After filing a bid protest at the Court of Federal Claims, the judge found that the contracting officer’s decision was neither arbitrary and capricious and that the contracting officer properly relied on available information about the appellant’s ability to perform the contract, including the prior performance record. The court also found that the SBA had acted rationally and had properly considered the available evidence when conducting its Certificate of Competency investigation.

Bid Protest Appeal Standard of Review at the Federal Circuit Court of Appeals  5 USC 706. When appealing a COFC bid protest decision to the U.S. Court of Appeals for the Federal Circuit, the appellant / protestor  must show that the contracting officer’s decision lacked a reasonable basis and that the contracting agency failed to provide “a coherent and reasonable explanation of its exercise of discretion.” Citing Banknote Corp. of Am. v. United States, 365 F.3d 1345, 1351 (Fed. Cir. 2004). “Because responsibility decisions are largely a matter of judgment, contracting officers are generally given wide discretion to make this decision.” John C. Grimberg Co. v. United States, 185 F.3d 1297, 1303 (Fed. Cir. (1999). We review the SBA’s denial of a COC by the same standard. 5 USC 706.

Must overcome contracting officer’s discretion: On appeal to the Federal Circuit Court, unless you can overcome the contracting officer’s discretion, an appeal will more than likely fail. See Standard of Review when appealing a case to the Fed Circuit Court.

COC regulations: When the contracting officer makes a responsibility determination under FAR 9.104, he or she make a determination as to whether the contractor can “[b]e able to comply with the required or proposed delivery or performance schedule, taking into consideration all existing commercial and governmental business commitments.” 48 CFR 9.104-1(b).  A responsibility determination must be documented in the record and the contracting officer must provide sufficient documentation to the SBA.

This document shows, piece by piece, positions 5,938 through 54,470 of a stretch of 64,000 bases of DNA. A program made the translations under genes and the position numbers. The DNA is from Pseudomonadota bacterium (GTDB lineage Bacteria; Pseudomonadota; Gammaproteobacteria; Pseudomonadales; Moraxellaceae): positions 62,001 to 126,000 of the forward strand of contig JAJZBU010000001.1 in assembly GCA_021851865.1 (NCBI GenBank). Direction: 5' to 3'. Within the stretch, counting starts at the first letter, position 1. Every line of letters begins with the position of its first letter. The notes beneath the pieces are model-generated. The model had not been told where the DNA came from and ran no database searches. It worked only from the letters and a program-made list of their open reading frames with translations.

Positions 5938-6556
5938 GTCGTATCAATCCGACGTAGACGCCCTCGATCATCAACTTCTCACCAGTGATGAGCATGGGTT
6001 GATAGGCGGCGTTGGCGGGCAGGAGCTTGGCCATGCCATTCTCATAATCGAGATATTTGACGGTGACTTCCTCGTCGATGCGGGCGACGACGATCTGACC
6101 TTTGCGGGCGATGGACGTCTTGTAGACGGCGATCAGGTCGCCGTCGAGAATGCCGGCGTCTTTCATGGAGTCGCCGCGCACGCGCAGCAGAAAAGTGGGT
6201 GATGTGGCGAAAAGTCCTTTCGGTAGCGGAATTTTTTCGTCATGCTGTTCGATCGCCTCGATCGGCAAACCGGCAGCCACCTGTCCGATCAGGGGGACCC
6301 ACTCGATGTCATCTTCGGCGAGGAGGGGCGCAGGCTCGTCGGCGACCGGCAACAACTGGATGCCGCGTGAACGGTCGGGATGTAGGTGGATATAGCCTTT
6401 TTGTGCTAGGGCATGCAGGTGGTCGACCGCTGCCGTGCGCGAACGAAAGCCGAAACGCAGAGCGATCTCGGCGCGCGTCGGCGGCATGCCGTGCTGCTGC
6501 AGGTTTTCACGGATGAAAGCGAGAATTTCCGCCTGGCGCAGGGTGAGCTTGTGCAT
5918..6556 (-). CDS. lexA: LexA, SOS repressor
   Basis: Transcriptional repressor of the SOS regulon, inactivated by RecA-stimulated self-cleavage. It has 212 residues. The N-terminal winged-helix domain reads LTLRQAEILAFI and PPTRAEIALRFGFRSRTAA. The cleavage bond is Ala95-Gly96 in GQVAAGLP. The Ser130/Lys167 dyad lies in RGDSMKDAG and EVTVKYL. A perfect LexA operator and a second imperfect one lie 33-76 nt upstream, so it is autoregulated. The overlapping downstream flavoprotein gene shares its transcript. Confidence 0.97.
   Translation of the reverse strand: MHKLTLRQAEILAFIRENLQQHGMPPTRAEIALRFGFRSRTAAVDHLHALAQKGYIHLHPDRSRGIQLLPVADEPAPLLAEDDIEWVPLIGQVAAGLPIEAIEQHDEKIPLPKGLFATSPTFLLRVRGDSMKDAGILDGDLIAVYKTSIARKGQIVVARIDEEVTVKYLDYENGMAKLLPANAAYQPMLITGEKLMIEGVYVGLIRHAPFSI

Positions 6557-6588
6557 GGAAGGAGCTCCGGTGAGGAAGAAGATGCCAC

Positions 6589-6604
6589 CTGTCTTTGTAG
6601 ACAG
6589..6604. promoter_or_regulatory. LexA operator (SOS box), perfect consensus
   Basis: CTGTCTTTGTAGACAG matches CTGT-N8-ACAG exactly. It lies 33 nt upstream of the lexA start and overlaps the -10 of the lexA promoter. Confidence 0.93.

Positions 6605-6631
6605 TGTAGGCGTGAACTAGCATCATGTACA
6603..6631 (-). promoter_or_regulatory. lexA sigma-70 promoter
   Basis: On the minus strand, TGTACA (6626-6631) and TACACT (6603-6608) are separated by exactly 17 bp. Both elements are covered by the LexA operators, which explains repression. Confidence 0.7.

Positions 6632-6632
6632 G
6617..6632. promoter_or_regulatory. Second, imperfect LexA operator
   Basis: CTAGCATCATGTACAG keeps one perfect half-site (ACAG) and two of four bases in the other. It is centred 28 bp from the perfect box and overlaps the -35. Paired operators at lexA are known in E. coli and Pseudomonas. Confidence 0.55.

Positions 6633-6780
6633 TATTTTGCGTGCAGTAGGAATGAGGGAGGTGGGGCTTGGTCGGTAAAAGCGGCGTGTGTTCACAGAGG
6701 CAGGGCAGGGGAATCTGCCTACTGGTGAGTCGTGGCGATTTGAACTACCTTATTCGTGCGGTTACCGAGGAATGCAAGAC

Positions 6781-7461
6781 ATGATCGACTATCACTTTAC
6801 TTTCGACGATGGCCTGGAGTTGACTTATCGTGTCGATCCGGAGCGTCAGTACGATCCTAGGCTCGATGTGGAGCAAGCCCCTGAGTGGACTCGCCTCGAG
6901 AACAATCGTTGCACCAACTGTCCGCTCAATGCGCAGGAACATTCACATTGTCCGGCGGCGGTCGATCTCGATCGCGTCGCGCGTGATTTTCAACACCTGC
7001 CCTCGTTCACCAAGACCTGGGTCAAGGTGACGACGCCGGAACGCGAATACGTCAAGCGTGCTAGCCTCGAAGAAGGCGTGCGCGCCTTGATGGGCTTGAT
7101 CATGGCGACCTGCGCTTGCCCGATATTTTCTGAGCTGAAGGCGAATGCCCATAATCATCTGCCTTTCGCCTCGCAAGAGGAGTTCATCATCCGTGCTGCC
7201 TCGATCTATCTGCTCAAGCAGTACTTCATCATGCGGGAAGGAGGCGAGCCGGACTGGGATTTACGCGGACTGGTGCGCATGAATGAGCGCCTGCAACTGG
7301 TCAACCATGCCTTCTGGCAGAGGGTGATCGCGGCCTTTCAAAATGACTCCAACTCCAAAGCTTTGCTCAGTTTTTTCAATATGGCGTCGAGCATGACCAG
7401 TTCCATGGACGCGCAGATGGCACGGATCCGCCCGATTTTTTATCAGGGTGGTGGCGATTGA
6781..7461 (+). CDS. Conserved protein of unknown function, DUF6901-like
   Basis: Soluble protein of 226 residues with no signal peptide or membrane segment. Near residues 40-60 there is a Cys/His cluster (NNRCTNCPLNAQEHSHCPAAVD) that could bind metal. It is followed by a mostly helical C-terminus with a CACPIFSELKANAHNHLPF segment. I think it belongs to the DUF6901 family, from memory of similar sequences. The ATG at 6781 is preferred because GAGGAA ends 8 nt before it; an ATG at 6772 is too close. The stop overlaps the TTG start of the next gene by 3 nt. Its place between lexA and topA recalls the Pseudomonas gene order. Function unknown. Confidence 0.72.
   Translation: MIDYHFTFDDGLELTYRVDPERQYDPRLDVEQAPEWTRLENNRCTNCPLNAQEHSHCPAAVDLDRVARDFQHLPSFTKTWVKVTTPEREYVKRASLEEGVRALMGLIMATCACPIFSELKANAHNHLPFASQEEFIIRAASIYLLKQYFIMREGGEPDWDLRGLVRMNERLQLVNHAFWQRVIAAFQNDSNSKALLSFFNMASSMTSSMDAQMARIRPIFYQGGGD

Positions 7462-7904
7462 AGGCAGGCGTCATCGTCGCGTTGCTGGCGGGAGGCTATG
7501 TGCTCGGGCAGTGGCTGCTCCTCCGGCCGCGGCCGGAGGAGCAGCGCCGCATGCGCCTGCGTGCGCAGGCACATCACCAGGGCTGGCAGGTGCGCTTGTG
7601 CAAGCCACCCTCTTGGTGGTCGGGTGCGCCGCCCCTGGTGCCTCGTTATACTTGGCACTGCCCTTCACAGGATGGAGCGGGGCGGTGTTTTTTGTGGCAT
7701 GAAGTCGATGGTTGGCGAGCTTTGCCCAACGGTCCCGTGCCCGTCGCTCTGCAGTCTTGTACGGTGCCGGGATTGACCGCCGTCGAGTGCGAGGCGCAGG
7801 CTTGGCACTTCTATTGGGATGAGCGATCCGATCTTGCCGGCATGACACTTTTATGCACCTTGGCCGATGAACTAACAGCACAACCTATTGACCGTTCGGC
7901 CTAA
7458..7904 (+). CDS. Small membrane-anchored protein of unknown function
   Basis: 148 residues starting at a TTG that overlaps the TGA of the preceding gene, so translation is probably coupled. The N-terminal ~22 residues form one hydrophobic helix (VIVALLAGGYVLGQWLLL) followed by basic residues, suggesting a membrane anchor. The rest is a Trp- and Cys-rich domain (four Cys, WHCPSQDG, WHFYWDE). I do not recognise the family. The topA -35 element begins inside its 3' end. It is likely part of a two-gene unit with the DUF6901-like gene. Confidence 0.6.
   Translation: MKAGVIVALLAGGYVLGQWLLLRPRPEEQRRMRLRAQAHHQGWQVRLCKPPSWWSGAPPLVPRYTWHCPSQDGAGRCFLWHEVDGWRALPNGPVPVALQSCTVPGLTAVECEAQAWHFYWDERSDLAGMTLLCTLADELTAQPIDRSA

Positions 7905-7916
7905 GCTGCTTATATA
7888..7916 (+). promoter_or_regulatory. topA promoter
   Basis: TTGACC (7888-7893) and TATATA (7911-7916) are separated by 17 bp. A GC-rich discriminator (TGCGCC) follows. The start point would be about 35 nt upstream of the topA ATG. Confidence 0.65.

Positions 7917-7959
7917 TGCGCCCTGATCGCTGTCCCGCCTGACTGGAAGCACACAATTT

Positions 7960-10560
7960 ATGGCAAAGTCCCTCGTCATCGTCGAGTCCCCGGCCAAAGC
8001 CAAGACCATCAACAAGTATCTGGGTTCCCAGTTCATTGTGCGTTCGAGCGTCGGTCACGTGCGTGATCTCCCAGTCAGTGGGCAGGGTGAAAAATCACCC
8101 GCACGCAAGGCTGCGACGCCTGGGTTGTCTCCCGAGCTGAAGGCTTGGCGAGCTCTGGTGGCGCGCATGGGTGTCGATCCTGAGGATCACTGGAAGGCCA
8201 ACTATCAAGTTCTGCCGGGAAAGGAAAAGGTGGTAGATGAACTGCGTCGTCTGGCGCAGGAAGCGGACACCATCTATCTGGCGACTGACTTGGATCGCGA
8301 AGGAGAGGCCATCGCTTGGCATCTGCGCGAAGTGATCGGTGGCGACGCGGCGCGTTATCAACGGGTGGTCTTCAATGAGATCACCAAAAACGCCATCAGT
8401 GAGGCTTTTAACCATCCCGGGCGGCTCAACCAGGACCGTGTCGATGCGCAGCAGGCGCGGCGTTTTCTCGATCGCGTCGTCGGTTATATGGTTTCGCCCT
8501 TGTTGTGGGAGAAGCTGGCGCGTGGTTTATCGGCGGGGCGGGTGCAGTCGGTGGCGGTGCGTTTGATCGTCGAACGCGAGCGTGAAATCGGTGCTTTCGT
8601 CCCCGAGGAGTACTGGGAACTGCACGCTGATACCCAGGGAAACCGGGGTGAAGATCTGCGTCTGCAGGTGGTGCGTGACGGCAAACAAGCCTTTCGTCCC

SBA Certificate of Competency COC Obligations Under FAR 9.104-1, FAR 19.602 and   13 CFR 125.5(d)

In this bid protest appeal case, the Circuit Court ruled that the pertinent regulations require an applicant to “include all information and documentation requested by SBA and any additional information which the firm believes will demonstrate its ability to perform on the proposed contract”; the SBA is then entitled to “obtain clarification or confirmation of information provided by the applicant by directly contacting suppliers, financial institutions, and other third parties upon whom the applicant’s responsibility depends.” 13 CFR 125.5(d). There are also other COC requirements under FAR 9.04-1 and FAR 19.602

The SBA has broad discretion to consider factors bearing on the contractor’s responsibility that was not cited by the contracting officer. 13 CFR 125.5(f). The regulations thus give the SBA substantial latitude in seeking information that could be relevant to a contractor’s reliability. Ms. Sims has made no showing that the agency exceeded its authority in this case.

SBA can look outside of information provided by the CO: When the Federal Circuit Court rules on SBA COC decisions, it looks to see  whether the SBA had a reasonable basis to deny the Certificate of Competency. The SBA has broad statutory discretion when making its Certificate of Competency decision. Ms. Sims a COC. The SBA obtained information from government agencies having prior dealings with Ms. Sims.

  • An appellant must show that SBA’s process or its decision on the merits of the SBA Certificate of Competency denial was arbitrary and capricious.
  • At the appellate level, an attorney must show that the COFC judge failed to consider the evidence while still showing that the SBA failed to follow its regulations.

When considering filing a bid protest appeal from the Court of Federal Claims to the U.S. Court of Appeals for the Federal Circuit, call Watson & Associates for immediate help. Call 1-866-601-5518.